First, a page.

Feb 25, 2015

Lazy Days

Monday I was up early, and made it to church before the monks. Everything was in Greek, so although I knew where I was ‎in the services, I missed out on the specific texts for the day. My prayer rope got a lot of use.  About an hour after the beginning of Orthros, the first bus load of tourists arrived. Many of them were Orthodox, but this was the first stop of many for the day so they didn't stay long. After ten or fifteen minutes of a subdued hubbub, stillness returned to the sanctuary.

Once the prayers were completed, I headed back to the hostel, pausing along the way to purchase and devour several bagel-ish items. The forecast called for a lot of rain all day.  The streets were wet when I headed out to church, and the rain began anew shortly after I returned to my room. I slept off and on, uploaded some photos, and started investigating the next stage of my journey online. I didn't make it back to church in the afternoon, which is a shame, since they probably did the Great Canon. On the other hand, this service is all about the text (and, depending on local practice, prostrations), and staring at my smartphone for an hour and a half to follow along just ain't all that appealing.

I simply took too many days as a tourist while I was in Italy and the Balkans -- never mind the three weeks I was laid up because of the infected blister! While it might be possible to walk from İstanbul to Antalya to Taşucu in six weeks‎, that would feel very much like a forced march and would leave no time for the walk across Cyprus and then south to Jerusalem from Haifa if I want to arrive in time for Holy Week.

I still need to find a bus schedule, but I know it's at least a 12 hour bus ride to Antalya. I should be able to cover the 390 kms to Taşucu in two weeks, and it looks like ferries to Tripoli run twice a week on Monday and Wednesday. I'll need to confirm that as well, although being stuck waiting on the Mediterranean coast is not the worst thing I can imagine. Once I arrive in Lebanon, I'll spend a day or two at the Balamand before heading south to Naccache to spend a few days with my old friend Abouna Semaan and his family. Then I'll catch a flight from Beirut to Larnaca (Cyprus) and another from there to Haifa. The walk from Haifa to Jerusalem along the Israeli National Trail should take about eight days. I don't know how quickly the Easter crowds will disperse, and with Pascha just a week later, I should probably try booking accommodations online now. (It's probably already too late.)

Tuesday morning was a repeat of Monday, although they celebrated Pre-Sanctified Liturgy after Orthros. (I think that's the earliest I've ever heard Phos Hilaron.‎ {And for my non-Orthodox readers, I swear the above makes sense, but don't worry about it.})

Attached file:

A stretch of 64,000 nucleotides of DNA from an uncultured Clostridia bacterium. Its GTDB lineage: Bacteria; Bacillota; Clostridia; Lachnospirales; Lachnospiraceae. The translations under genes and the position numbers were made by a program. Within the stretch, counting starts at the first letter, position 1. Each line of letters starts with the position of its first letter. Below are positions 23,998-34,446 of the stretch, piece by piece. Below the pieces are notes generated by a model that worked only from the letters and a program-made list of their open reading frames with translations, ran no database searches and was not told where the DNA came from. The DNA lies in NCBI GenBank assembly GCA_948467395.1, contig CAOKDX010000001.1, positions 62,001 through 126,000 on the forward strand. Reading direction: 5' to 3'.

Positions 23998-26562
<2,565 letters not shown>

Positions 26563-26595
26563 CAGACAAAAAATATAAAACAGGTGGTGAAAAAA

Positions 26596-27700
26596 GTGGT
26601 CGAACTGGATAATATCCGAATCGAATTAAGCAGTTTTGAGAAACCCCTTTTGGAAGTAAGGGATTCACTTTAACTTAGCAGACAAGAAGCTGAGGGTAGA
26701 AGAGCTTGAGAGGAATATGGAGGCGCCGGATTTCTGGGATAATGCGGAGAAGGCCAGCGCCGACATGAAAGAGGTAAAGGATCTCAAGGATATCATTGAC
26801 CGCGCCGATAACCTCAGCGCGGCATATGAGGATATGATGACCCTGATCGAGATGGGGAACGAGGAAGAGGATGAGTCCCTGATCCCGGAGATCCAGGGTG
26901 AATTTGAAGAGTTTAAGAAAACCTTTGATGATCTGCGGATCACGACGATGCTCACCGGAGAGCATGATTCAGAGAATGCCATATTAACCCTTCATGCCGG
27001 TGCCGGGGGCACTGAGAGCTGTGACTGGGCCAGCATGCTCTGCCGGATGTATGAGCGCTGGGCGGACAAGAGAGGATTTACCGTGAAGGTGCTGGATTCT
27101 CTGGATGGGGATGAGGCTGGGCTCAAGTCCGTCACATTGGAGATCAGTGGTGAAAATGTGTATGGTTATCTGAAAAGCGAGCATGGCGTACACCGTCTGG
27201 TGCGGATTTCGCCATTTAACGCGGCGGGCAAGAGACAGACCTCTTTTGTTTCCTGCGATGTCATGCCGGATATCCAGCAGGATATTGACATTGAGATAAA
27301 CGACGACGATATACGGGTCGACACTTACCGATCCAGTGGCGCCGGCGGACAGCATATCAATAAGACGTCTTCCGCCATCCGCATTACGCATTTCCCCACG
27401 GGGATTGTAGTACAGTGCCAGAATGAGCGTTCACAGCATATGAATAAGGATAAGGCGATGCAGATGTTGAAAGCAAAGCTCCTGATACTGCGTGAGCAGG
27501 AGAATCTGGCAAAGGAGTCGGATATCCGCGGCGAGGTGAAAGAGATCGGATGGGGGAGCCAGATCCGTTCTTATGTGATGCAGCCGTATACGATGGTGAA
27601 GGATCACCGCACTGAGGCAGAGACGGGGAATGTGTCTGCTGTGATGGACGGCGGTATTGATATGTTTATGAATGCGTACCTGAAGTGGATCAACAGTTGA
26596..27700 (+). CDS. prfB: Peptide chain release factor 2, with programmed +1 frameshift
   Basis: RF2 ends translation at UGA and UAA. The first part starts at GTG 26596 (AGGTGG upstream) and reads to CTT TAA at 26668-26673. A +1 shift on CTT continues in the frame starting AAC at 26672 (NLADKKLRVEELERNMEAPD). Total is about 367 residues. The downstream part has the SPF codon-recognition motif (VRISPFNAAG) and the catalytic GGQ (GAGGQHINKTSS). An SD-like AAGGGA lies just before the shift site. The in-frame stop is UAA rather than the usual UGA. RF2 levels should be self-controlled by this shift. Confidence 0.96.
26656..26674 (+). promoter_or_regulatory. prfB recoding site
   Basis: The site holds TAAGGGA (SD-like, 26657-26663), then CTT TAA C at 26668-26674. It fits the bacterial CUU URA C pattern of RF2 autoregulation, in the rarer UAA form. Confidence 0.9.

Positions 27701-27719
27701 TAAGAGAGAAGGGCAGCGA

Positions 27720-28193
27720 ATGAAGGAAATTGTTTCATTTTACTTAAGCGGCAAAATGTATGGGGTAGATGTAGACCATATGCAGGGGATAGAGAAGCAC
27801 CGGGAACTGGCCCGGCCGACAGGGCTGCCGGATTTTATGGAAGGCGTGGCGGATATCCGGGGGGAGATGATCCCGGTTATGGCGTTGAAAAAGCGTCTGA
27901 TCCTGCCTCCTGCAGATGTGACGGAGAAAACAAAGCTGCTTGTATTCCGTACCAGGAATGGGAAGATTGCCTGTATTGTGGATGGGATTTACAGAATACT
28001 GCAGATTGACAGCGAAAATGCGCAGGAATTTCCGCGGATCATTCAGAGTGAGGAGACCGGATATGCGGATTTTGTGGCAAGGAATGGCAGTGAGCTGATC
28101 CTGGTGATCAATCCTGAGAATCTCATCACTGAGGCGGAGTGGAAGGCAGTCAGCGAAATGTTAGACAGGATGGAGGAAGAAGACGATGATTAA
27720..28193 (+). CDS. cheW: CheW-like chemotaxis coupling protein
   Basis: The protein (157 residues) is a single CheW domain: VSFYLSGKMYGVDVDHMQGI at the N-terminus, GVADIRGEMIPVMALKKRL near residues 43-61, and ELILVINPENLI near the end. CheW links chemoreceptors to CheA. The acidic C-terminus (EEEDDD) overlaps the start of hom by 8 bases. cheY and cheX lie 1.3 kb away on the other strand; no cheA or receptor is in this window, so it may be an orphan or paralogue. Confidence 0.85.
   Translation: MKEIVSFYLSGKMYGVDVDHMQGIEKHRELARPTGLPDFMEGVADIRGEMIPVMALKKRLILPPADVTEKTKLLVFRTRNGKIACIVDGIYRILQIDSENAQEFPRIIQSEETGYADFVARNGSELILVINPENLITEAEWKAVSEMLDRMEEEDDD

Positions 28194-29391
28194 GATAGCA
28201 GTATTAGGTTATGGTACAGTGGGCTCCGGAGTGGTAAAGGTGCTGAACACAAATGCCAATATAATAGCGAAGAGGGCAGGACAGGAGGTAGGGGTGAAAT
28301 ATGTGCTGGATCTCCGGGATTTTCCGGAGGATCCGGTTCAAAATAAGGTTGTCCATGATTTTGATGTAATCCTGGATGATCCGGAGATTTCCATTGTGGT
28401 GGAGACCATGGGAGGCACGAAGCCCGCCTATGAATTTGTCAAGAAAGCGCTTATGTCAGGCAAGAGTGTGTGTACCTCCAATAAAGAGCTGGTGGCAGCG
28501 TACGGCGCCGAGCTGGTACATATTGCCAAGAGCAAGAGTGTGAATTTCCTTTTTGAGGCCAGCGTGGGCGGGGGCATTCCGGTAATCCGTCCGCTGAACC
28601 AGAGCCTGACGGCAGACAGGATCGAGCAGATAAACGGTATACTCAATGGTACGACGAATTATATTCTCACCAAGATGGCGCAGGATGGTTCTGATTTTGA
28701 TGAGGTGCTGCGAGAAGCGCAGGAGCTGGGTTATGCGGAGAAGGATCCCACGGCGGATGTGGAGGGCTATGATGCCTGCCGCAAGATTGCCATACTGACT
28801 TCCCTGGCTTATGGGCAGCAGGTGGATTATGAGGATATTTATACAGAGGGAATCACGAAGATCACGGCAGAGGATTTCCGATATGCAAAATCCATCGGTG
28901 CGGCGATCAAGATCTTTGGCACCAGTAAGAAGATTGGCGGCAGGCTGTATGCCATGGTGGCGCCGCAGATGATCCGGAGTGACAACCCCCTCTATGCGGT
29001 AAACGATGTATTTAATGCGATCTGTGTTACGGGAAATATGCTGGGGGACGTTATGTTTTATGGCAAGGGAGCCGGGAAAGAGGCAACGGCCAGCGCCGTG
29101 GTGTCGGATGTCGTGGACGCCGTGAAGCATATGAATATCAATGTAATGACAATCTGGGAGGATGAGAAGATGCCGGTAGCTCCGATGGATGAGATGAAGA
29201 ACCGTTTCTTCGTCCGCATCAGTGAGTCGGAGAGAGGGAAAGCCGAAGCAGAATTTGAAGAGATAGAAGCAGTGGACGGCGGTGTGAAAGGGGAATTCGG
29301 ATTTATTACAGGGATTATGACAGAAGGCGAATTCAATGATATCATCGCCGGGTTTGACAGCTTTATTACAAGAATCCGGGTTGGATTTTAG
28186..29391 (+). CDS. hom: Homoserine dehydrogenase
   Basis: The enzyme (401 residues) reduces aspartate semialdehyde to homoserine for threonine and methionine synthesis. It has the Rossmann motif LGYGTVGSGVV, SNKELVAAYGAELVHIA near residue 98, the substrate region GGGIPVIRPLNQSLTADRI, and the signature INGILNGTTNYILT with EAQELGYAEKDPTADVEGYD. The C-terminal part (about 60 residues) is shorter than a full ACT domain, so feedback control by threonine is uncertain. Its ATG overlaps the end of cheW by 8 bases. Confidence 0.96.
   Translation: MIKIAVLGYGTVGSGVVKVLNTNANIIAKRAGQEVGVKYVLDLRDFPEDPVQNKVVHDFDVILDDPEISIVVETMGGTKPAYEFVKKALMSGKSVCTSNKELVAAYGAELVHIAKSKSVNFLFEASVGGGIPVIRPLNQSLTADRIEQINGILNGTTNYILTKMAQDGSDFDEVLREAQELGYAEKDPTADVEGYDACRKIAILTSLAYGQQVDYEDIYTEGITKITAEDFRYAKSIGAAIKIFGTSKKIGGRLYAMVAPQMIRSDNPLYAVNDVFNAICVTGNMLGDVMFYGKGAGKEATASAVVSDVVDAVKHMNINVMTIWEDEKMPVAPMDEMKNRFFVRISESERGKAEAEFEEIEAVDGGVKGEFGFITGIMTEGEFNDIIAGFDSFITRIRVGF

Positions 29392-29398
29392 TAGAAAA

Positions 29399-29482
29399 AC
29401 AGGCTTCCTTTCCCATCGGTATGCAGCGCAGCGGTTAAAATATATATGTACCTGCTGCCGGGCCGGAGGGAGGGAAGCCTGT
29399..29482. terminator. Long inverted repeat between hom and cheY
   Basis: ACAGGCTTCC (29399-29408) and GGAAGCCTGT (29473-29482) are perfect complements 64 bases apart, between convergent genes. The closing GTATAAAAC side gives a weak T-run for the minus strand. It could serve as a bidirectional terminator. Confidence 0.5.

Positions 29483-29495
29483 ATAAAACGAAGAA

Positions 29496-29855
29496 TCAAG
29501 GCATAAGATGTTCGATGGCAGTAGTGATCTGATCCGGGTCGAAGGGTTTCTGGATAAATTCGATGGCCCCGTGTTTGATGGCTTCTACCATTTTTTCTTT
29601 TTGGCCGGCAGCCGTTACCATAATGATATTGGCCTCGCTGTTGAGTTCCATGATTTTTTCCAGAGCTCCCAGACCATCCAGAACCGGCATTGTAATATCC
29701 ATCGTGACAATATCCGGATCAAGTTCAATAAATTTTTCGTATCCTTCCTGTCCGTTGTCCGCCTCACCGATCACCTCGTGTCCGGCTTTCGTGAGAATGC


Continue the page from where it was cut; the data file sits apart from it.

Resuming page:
It was fairly cool when I left the hostel at 7:30, but by the time I left church at 11:00, it had warmed up considerably. Since I was in the neighbourhood, I decided to do a bit of walking and visit two of the places I'd seen in 2006: the Pammakaristos church (now known as the Fethiya Museum) and the Chora church (now known as the Kariye Museum). They were both converted to mosques in the years following the Ottoman conquest in 1453, but the incredible 14th century mosaics and frescoes are very well preserved. Following that, I made my way to the Church of Panagia Blachernae. ‎ The current building dates to 1867, fires having destroyed the previous ones. I was the only person there apart from the staff, and it was an oasis of peace.  I'm sure that outside of the winter months, the gardens are quite beautiful.

I then proceeded to meet my friend Ribon, and we spent several hours together, talking and drinking tea and watching tourists. Eventually it started to get dark, so I took my leave and went to do some grocery shopping. Then I headed back to my hostel, where I ate dinner and chatted a bit with my Korean dorm-mate. İstanbul has a population of over 13 million, 18 with the suburbs, so I know there must be a vibrant nightlife. I spent the evening in my room, editing photos and writing this update. (Sorry to be so boring, Oğuz!)

At the Kariye Museum, I shelled out 85 lira for a three day museum pass, so Wednesday and Thursday I'll forego morning prayers with the monks and instead make the most of the pass.

When I visited the city in 2006, there was a massive scaffold set up inside Agia Sophia for restoration work. I'm hoping that's been completed, but I'll find out soon enough. (And this is one of the times I am sure I'll regret mailing my camera home!) Restoration work was underway at the Chora Church, so the nave was closed to visitors, but the gorgeous 14th century mosaics and frescos in the narthex and parecclesion were still visible. Additional lighting has been installed since my last visit, which was nice to see.

The weather forecast for the next two days looks pretty good, so I'll be covering a lot of ground and taking lots of photos. Not so lazy after all, I suppose!

1 comment:

  1. hey Peter, enjoy the weather, coz Jerusalem has a surprise for you: https://www.youtube.com/watch?v=yLyjyh45m8Y